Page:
Diabetes: Tips for a Healthy Mouth

Reviewed by Michael Dansinger, MD on December 01, 2019

When you stay on top of mouth care you'll prevent some of the problems diabetes can cause in your mouth -- and have a better smile!

The Diabetes-Dental Link

Diabetes raises your chances of getting gum disease, as well as other dental problems such as dry mouth. Gum disease is caused by sticky plaque that builds up on your teeth and gums. The germs in plaque can cause sore, swollen, and red gums. When gum disease, or gingivitis, gets worse, it can cause infections and even tooth loss. Since diabetes can make gum disease more severe than usual and infections can be harder to fight, prevention is the name of the game.

What You Can Do

  • Brush at least twice a day. The American Diabetes Association advises brushing for at least 2 minutes to make sure you brush every tooth. Use a soft toothbrush with rounded bristles, which are less likely to hurt your gums. Put the toothbrush at a 45-degree angle to your gums. Then brush gently back and forth on all sides of your teeth. Be sure to brush the top of your tongue, too, to get rid of germs there. Use fluoride toothpaste to protect against tartar buildup.
  • Floss at least once a day. Flossing helps keep plaque from building up by removing food and germs that lodge between teeth.
  • Ask your dentist about mouth rinses. Bacteria-fighting mouth rinses can reduce germs in dental plaque and help prevent gum disease.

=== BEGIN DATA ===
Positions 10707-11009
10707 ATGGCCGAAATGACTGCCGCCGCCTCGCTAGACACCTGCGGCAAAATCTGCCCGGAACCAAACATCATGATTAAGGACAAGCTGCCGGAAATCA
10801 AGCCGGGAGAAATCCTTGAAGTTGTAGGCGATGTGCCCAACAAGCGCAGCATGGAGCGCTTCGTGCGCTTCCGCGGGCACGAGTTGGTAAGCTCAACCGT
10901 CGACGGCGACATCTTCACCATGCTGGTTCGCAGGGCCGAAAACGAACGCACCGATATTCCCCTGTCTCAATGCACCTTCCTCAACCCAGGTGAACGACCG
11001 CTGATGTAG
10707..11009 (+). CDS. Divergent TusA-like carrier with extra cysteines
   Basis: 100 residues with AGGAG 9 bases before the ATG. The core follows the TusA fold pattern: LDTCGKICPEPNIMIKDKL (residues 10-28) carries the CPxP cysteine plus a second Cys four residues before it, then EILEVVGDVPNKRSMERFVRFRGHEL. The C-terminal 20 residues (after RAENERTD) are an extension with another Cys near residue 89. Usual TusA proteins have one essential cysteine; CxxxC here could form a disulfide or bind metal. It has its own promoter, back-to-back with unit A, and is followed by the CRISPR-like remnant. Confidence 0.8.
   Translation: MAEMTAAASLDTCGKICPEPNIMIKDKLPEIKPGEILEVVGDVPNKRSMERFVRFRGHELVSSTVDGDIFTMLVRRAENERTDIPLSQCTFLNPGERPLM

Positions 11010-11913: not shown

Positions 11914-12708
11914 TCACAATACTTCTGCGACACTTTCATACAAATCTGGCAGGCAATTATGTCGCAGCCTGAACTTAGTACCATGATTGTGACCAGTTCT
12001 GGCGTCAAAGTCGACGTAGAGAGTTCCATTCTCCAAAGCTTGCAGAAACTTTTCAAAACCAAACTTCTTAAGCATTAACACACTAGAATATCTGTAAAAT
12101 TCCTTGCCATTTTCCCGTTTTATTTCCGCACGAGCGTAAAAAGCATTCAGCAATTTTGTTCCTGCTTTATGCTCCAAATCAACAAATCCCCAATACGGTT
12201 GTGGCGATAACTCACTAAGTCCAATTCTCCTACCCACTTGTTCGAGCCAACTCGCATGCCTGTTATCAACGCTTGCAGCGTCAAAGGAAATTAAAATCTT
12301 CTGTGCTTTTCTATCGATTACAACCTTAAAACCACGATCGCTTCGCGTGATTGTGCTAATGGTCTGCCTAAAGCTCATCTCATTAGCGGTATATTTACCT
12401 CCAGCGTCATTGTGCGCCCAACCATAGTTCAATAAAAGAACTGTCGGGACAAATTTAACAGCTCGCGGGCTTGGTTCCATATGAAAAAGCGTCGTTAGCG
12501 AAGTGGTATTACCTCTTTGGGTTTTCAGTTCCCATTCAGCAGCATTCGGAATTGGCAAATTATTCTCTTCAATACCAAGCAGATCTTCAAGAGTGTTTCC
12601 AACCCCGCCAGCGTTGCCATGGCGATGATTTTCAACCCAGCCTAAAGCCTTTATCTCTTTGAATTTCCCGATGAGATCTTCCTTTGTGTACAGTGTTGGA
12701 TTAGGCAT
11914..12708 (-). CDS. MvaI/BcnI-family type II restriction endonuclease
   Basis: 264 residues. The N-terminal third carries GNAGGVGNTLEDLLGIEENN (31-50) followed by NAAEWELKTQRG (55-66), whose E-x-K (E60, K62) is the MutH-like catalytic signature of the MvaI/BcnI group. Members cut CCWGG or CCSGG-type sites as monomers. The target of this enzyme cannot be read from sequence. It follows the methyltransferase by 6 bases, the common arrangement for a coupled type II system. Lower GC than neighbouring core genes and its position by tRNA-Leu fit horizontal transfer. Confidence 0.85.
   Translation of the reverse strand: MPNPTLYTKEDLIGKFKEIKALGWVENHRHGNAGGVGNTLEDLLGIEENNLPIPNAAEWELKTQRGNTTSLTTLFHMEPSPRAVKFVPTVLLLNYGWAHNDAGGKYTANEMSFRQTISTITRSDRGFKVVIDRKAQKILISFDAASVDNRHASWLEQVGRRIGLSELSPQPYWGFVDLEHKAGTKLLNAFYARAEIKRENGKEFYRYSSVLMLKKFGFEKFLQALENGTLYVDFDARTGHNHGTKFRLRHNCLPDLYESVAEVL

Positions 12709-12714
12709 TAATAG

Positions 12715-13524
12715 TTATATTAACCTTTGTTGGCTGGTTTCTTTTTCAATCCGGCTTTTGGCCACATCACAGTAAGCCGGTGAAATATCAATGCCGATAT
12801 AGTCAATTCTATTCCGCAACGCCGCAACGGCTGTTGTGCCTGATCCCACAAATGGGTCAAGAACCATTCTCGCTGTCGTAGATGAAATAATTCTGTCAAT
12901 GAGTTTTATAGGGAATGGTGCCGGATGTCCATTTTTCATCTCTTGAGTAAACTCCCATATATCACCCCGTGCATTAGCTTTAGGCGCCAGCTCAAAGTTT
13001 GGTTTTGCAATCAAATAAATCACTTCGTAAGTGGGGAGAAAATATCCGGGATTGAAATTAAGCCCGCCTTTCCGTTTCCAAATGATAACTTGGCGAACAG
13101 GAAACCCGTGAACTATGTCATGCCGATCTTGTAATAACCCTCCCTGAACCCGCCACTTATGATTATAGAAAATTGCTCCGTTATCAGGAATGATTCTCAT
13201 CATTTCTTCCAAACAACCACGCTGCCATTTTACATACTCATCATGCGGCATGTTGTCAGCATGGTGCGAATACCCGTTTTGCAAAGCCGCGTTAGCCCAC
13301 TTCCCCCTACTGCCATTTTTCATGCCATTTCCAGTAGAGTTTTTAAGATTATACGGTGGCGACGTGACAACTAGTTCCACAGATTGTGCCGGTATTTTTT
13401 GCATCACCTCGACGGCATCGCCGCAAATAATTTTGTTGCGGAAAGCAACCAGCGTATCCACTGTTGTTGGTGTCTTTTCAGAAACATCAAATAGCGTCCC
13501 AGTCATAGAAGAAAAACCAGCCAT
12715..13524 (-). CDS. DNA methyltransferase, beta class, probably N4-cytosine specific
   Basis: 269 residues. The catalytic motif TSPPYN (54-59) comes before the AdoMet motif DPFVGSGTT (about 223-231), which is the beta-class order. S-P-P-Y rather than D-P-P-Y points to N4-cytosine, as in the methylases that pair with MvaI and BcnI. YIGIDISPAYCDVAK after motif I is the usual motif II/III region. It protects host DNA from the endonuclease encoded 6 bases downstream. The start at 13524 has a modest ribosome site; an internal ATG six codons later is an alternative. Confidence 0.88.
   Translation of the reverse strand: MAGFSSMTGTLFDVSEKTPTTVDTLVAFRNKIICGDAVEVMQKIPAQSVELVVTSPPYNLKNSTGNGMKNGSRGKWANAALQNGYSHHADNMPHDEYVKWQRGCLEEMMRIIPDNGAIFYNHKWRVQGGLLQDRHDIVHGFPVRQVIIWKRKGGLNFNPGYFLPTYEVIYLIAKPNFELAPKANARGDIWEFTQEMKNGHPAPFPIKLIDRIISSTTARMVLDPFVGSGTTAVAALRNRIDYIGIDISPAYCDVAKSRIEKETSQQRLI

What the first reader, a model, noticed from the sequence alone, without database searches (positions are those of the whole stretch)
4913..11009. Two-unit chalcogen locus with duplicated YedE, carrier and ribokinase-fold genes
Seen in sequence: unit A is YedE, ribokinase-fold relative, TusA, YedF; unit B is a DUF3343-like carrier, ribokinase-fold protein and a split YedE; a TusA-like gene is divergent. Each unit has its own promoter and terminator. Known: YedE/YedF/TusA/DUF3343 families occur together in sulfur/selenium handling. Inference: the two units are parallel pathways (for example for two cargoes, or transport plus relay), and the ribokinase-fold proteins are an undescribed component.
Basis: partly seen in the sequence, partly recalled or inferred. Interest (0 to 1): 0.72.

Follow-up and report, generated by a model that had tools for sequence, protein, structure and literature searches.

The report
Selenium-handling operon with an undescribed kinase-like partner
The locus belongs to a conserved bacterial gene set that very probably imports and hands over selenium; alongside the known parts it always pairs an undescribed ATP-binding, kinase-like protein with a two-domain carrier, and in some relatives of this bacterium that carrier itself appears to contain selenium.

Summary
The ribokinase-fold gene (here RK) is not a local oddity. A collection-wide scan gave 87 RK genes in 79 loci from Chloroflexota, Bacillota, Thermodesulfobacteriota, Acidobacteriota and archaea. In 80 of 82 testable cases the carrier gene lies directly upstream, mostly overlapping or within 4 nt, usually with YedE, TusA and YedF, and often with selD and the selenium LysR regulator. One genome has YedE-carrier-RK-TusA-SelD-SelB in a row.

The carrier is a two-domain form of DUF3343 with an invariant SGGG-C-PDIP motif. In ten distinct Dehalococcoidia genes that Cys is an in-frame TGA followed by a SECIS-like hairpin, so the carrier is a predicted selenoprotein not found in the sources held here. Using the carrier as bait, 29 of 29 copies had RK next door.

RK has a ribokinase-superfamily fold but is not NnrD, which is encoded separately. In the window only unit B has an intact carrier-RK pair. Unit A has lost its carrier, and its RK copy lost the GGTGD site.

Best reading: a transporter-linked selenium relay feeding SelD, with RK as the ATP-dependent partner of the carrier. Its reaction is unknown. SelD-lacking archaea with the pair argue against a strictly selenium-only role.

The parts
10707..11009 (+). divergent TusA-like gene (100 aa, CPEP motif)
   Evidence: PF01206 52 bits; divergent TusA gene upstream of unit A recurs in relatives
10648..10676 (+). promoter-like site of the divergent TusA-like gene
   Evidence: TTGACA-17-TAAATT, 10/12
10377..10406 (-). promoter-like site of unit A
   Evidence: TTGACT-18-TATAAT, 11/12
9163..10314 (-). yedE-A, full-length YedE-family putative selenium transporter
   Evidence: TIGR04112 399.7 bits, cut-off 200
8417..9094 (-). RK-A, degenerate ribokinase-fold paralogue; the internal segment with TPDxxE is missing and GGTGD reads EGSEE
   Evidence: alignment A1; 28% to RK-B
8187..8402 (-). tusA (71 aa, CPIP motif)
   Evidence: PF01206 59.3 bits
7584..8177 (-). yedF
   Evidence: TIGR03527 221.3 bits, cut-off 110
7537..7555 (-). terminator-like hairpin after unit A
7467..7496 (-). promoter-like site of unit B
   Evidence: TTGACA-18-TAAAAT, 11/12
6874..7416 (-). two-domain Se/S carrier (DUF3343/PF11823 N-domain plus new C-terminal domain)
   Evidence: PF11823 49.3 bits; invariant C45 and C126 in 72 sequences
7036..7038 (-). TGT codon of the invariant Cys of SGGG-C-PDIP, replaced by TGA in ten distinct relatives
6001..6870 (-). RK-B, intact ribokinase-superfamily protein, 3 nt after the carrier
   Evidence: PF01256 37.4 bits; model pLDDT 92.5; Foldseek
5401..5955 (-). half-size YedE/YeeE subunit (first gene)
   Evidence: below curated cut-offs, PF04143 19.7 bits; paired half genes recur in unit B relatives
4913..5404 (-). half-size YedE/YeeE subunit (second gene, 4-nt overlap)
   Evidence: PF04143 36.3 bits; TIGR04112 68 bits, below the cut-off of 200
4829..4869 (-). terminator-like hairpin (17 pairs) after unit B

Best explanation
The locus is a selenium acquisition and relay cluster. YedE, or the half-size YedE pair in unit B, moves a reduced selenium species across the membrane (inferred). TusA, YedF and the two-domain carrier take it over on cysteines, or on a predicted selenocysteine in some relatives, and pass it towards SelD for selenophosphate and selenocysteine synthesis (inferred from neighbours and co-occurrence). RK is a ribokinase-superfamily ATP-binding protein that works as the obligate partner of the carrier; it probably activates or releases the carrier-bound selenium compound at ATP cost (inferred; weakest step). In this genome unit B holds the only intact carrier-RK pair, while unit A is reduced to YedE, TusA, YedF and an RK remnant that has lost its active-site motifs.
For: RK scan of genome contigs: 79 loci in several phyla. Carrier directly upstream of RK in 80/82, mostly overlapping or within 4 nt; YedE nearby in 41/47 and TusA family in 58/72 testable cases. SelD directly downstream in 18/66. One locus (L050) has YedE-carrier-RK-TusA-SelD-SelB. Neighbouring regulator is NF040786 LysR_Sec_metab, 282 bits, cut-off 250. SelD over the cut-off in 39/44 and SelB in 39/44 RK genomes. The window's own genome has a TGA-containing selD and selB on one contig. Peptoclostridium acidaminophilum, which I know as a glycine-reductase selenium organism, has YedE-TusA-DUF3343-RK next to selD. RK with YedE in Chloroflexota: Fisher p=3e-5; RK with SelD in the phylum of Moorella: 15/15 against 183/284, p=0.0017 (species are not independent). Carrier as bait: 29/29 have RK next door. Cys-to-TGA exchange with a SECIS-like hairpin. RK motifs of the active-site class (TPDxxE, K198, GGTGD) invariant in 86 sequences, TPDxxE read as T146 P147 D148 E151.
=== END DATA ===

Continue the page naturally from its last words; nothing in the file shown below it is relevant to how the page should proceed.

• Keep your dentures clean. Bacteria can build up on dentures just like on teeth. If you wear dentures, keep them clean. Be sure to also brush your gums and tongue.
  • See your dentist regularly. Let your dentist know you have diabetes. Eat before your office visit. It's best to have dental work when your blood sugar level is normal.
  • Keep your blood sugar under control. Good blood sugar levels are the best way to prevent and control mouth problems.
  • Don't smoke. Smoking raises your chance of having gum disease. It also can make many mouth problems -- like dry mouth and infections -- worse.

How to Spot a Problem

Plaque can be difficult to see. That's why it's so important to visit your dentist twice a year.

Also see your dentist if you have any of these symptoms. They could be signs of tooth or gum problems.

  • Red, sore, swollen gums
  • Bleeding gums
  • Gums that pull away from your teeth
  • Pus between your teeth or gums
  • Loose or sensitive teeth
  • Changes in the way your teeth fit when you bite
  • Bad breath
  • Soreness from dentures
WebMD Medical Reference



National Institute of Dental and Craniofacial Research, National Institutes of Health: "How Does Diabetes Affect the Mouth?"

American Diabetes Association: "Diabetes and Oral Health Problems," "Brush and Floss," "More on the Mouth," "Oral Health and Hygiene: Frequently Asked Questions."

CDC: "Diabetes Health Concerns."

National Diabetes Information Clearinghouse: "Prevent diabetes problems: Keep your teeth and gums healthy."

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